Friday, April 25, 2014

Broken Wings (Sylvie Kurtz)

Broken Wings
(A Time-Travel Romance)
Sylvie Kurtz
Leisure Books
Fiction, Romance/Sci-Fi
*** (Okay)

DESCRIPTION: In 1944, war-fueled tensions in the town of Shoenberg, Texas exploded one night. A suspected German spy, newlywed veteran Kurt, was hung by an angry mob while his wife, Liesl, looked on helplessly. As she cut his dying body from the branches, her heart died with him, even as she determined to fulfill Kurt's dream of founding a flying school.
In 1996, the pilot Colin Castle prepares for an air show with an experimental plane, a vintage replica made to modern specifications. His stern father lies in a hospital bed, near death; Colin desperately wants to prove to the old man, and himself, that he hasn't wasted his life in the skies chasing dreams. True, his business partner Jakob seems strange, obsessed with talk of time and physics and some deep guilt buried in his Texas roots, but the man's a first-rate mechanic. All they need is investors to get their dream off the ground, and an air show victory will get them that and more. Maybe, in the process, his own nightmares of failure will end.
During a test run, Colin accidentally triggers a hidden switch in his plane... and finds himself fifty years in the past, facing a cold-hearted woman who's a dead ringer for his long-deceased girlfriend Karen. Before vanishing, Jakob told Colin he would have one week to find and help someone named Kurt - but Kurt's been dead for two years, and his widow, Liesl, couldn't care less what this stranger has to say... even if he looks strangely like her murdered husband.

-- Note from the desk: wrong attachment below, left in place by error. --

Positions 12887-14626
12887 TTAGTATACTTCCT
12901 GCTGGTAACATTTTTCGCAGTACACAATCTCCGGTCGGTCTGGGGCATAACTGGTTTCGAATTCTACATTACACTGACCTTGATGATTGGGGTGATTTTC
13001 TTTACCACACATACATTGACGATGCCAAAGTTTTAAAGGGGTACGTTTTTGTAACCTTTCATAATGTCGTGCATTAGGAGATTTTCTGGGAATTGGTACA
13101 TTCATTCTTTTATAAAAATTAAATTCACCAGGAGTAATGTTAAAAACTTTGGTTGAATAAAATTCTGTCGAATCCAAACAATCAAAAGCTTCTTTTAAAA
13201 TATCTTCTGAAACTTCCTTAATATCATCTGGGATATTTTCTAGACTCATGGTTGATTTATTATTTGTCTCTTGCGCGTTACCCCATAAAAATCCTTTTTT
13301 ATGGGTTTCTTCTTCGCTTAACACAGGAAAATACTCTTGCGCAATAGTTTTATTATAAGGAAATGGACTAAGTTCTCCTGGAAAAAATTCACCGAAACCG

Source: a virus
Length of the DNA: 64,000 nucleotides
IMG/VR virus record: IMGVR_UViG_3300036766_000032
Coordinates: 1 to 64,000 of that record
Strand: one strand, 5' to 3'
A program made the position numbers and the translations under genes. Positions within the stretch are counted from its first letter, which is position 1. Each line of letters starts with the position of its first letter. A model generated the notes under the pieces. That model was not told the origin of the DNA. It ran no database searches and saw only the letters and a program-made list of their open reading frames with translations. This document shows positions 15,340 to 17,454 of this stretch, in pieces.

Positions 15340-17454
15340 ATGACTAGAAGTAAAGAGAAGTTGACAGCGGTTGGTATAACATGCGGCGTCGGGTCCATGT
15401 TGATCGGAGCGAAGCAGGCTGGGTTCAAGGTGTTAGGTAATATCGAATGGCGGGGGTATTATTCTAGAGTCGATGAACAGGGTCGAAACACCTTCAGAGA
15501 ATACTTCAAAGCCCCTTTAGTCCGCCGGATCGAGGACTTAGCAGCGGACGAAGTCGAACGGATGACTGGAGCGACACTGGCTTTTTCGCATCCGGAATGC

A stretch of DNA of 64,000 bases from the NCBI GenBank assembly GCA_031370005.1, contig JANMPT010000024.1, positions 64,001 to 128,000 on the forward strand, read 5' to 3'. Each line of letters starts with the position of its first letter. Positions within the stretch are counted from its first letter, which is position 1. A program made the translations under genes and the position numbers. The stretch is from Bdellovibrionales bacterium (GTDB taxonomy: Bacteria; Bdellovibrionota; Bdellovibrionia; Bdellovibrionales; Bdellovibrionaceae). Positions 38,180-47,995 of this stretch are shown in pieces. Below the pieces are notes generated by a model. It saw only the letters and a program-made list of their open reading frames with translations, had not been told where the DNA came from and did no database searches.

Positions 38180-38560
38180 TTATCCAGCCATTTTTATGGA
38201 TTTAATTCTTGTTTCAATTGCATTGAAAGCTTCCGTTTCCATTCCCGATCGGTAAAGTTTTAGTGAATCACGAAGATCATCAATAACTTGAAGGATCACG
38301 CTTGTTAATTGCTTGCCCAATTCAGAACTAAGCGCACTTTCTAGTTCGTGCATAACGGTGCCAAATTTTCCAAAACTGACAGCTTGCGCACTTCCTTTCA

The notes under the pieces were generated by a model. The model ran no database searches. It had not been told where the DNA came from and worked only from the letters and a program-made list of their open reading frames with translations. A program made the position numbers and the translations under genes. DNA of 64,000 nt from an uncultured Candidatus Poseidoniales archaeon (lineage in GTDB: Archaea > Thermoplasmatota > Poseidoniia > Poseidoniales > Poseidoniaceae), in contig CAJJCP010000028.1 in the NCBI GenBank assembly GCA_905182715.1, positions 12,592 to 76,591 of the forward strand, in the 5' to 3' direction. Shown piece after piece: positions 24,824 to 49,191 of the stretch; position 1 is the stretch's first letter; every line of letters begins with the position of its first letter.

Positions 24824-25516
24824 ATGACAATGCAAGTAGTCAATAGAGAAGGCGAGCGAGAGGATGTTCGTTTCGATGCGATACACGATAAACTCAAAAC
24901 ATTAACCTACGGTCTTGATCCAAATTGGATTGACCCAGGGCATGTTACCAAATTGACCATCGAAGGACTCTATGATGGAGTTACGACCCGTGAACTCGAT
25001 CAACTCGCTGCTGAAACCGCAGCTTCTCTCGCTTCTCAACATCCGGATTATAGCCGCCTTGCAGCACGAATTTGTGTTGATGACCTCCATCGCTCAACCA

REVIEW: A fast-reading romance with a paranormal flavor, it never quite lives up to the potential of its characters and premise. The attraction between the two lost souls is so overwhelming and immediate that the lengths to which both go denying it grows tiresome. The key to the plot is the idea that Liesl is so perfect and beautiful that three men (four, if you count Kurt and Colin as separate men and not reincarnations of the same soul) will go to any lengths to acquire her. One of them, naturally, is the town's villain, a petty and corrupt man who owns most of Schoenberg and won't rest until he finishes the job. There's a dated, sexist subtext here that didn't sit right with me, especially since Liesl didn't seem quite that special aside from the pedestal everyone insisted on placing her upon. Sideplots deal with the importance of family and how parental love (or lack thereof) hurts even grown children; these helped flesh out the story, adding a little weight and substance. As for the time travel element, it's light enough sci-fi that I almost classified it as Fantasy, especially with the heavy reincarnation angle; once in the past, Colin even starts remembering specific details of Kurt's life, driving home the idea that there's only one "true" soul mate for everyone and the only way to find happiness after losing them is to hope for a miracle - or an obsessed German mechanic. It all builds up to an air race where everyone's dreams are on the line, though most of the tension takes place on the ground. Everything wraps up a little too neatly. There's a nice vintage-plane feel to the setting, and it had some good moments, but overall I didn't care for the dated message.

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